Freeman v. Hingle et al - Document 27
ORDER RULING ON REPORT AND RECOMMENDATIONS. This case is re-committed to the Magistrate Judge to have the case served and for other appropriate proceedings. The Court respectfully rejects the Report and Recommendation 21 and recommits it to the Magistrate for further proceedings. Signed by Honorable R Bryan Harwell on 05/02/2011. (dsto, )
IN THE UNITED STATES DISTRICT COURT
FOR THE DISTRICT OF SOUTH CAROLINA
James Freeman, #260311,
Warden, Evans Correctional Institution,
C/A No. 4:11-cv-243-RBH
Plaintiff, proceeding pro se, brings this petition pursuant to 28 U.S.C. § 2241 alleging that the
Department of Corrections has miscalculated his sentence. In accordance with 28 U.S.C. §
636(b)(1)(B) and Local Civil Rule 73.02, this matter comes before the court with the Report and
Recommendation of United States Magistrate Judge Thomas E. Rogers, III, filed April 1, 2011.
Based on his review of the record, the Magistrate Judge concludes that the action should be
dismissed without prejudice and without issuance and service of process on the basis that the
petitioner has not exhausted his administrative remedies. The petitioner filed objections on April 8,
The Magistrate Judge makes only a recommendation to this Court. The recommendation has
no presumptive weight, and the responsibility to make a final determination remains with the Court.
Mathews v. Weber, 423 U.S. 261 (1976). The Court is charged with making a de novo determination
of those portions of the Report to which specific objection is made, and the Court may accept, reject,
or modify, in whole or in part, the recommendation of the Magistrate Judge, or recommit the matter to
him with instructions. 28 U.S.C. § 636(b)(1).
Exhaustion of Administrative Remedies
The allegations of the plaintiff’s complaint relate to the computation of his sentence and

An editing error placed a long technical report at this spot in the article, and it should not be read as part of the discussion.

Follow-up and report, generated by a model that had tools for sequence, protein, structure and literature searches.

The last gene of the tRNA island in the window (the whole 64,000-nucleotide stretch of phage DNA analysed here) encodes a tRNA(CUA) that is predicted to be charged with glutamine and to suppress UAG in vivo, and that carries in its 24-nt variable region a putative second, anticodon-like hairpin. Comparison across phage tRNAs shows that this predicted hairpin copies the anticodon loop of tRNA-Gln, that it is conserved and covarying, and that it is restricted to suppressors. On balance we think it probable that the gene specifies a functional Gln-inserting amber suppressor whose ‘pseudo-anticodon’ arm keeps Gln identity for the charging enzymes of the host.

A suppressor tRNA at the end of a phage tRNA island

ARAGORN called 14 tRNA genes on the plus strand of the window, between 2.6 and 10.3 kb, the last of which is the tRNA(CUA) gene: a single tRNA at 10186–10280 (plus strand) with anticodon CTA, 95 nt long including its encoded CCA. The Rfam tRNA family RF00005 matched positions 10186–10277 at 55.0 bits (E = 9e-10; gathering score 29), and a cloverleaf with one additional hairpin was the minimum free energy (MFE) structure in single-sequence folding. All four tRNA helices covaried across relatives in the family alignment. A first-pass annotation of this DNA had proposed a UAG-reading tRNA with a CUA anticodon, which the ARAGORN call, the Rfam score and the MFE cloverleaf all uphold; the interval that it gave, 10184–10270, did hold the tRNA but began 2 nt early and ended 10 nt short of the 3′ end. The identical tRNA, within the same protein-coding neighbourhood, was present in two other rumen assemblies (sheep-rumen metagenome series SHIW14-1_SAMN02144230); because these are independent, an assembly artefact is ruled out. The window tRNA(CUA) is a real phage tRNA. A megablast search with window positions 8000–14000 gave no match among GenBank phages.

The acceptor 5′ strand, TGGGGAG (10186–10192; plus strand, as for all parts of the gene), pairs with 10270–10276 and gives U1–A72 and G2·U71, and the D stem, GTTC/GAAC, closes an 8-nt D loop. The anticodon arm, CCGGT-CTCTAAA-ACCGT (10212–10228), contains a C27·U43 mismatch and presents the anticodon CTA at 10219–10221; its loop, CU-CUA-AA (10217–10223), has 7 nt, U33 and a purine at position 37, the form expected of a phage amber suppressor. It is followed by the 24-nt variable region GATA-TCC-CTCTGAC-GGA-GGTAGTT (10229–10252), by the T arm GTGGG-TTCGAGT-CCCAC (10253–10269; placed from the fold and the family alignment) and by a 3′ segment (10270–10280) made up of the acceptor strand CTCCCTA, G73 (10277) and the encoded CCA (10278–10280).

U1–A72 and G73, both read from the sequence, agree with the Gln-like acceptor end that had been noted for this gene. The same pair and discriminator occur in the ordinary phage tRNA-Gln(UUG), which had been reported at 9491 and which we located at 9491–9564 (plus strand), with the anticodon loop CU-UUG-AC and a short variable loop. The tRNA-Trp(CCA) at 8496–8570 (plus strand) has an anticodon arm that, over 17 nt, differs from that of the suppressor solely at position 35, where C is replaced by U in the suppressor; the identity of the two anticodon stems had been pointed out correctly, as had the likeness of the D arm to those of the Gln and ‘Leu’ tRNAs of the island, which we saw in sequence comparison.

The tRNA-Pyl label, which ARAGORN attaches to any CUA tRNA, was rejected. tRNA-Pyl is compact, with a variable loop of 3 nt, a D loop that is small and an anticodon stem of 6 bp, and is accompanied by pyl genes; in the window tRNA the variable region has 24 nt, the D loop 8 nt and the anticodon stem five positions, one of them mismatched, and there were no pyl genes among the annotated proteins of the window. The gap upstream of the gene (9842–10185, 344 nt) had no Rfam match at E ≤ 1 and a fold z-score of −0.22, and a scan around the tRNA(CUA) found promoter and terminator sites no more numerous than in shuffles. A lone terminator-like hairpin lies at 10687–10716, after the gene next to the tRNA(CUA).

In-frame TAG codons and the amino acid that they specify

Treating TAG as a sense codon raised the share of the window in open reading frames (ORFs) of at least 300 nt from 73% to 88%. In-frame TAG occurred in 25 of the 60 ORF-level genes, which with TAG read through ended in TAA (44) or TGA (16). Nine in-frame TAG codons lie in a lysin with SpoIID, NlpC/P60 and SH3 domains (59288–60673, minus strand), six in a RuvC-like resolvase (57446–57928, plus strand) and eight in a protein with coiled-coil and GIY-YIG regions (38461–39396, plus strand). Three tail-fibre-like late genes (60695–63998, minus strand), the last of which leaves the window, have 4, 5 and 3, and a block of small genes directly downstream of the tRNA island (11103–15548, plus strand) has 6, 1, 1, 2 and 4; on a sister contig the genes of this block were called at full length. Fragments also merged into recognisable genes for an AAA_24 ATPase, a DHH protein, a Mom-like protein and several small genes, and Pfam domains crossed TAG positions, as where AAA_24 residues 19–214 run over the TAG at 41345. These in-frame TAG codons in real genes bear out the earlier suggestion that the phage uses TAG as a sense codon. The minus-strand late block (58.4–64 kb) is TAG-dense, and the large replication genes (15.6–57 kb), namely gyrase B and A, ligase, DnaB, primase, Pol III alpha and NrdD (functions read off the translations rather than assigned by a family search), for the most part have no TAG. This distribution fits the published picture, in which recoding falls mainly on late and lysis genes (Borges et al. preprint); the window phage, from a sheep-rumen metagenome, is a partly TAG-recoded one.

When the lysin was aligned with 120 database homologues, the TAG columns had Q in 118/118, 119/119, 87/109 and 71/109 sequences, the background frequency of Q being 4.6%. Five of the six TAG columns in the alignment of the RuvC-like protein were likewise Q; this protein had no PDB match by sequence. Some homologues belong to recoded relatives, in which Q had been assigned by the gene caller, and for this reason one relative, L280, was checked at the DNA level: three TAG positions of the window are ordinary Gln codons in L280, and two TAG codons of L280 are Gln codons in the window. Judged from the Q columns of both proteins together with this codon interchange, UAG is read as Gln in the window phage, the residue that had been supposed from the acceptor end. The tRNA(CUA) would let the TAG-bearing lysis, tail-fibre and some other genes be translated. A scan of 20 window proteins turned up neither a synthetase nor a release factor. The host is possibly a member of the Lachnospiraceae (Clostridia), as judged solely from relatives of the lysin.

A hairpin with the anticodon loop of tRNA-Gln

are thus cognizable under 28 U.S.C. § 2241. This remedy can be sought only after Petitioner has
exhausted his state court remedies. See Braden v. 30th Jud. Cir. Ct., 410 U.S. 484, 490-91 (1973) and
28 U.S.C. § 1997e.1 In order to exhaust his state remedies in a habeas case attacking the execution of
his sentence, a petitioner must follow the procedure set out in Al-Shabazz v. State, 338 S.C. 354, 527
S.E.2d 742 (2000). First, he must exhaust his administrative remedies available through the SCDC
grievance process, and then he must fully exhaust his state court remedies as provided in the South
Carolina Administrative Procedures Act (SCAPA), S.C. Code Ann. § 1-23-310 through 1-23-400
(1976), as amended.
In the case at bar, the petitioner failed to provide the Magistrate with any information regarding
whether he had raised his grounds for relief in any other court or administrative setting. See R&R,
pp.1-2. However, he has filed objections to the Report in which he states that he filed a grievance in
September of 2010 and that he has “never heard anything back from it.” (Objections, p.1). “[A]n
administrative remedy is not considered to have been available if a prisoner, through no fault of his
own, was prevented from availing himself of it.” Moore v. Bennette, 517 F.3d 717, 725 (4th Cir. 2008).
Nevertheless, the petitioner does not allege that he has appealed to the Administrative Law Court or
that he has appealed any adverse ruling by that court to the South Carolina Court of Appeals. See S.C.
Code Ann. § 9-21-70 (as amended by Act No. 387 of 2006). Therefore, grave questions are presented
as to whether Petitioner has exhausted his administrative remedies. However, in an abundance of
caution and under the circumstances of this case as alleged by the pro se petitioner, the Court finds that
dismissal without service of process is not warranted.
Therefore, the case is re-committed to the Magistrate Judge to have the case served and for other
appropriate proceedings. The Court respectfully rejects the Report and Recommendation and re-
42 U.S.C. Section 1997e provides: “No action shall be brought with respect to prison
conditions under section 1983 of this title, or any other Federal law, by a prisoner confined in any jail,
prison, or other correctional facility until such administrative remedies as are available are exhausted.”
(emphasis added). Petitioner’s sentence miscalculation claim is before the Court under “federal law”
(a petition for writ of habeas corpus). Therefore, Section 1997e’s exhaustion requirement applies.
commits it to the Magistrate for further proceedings.
IT IS SO ORDERED.
s/ R. Bryan Harwell
R. Bryan Harwell
United States District Judge
May 2, 2011
Florence, South Carolina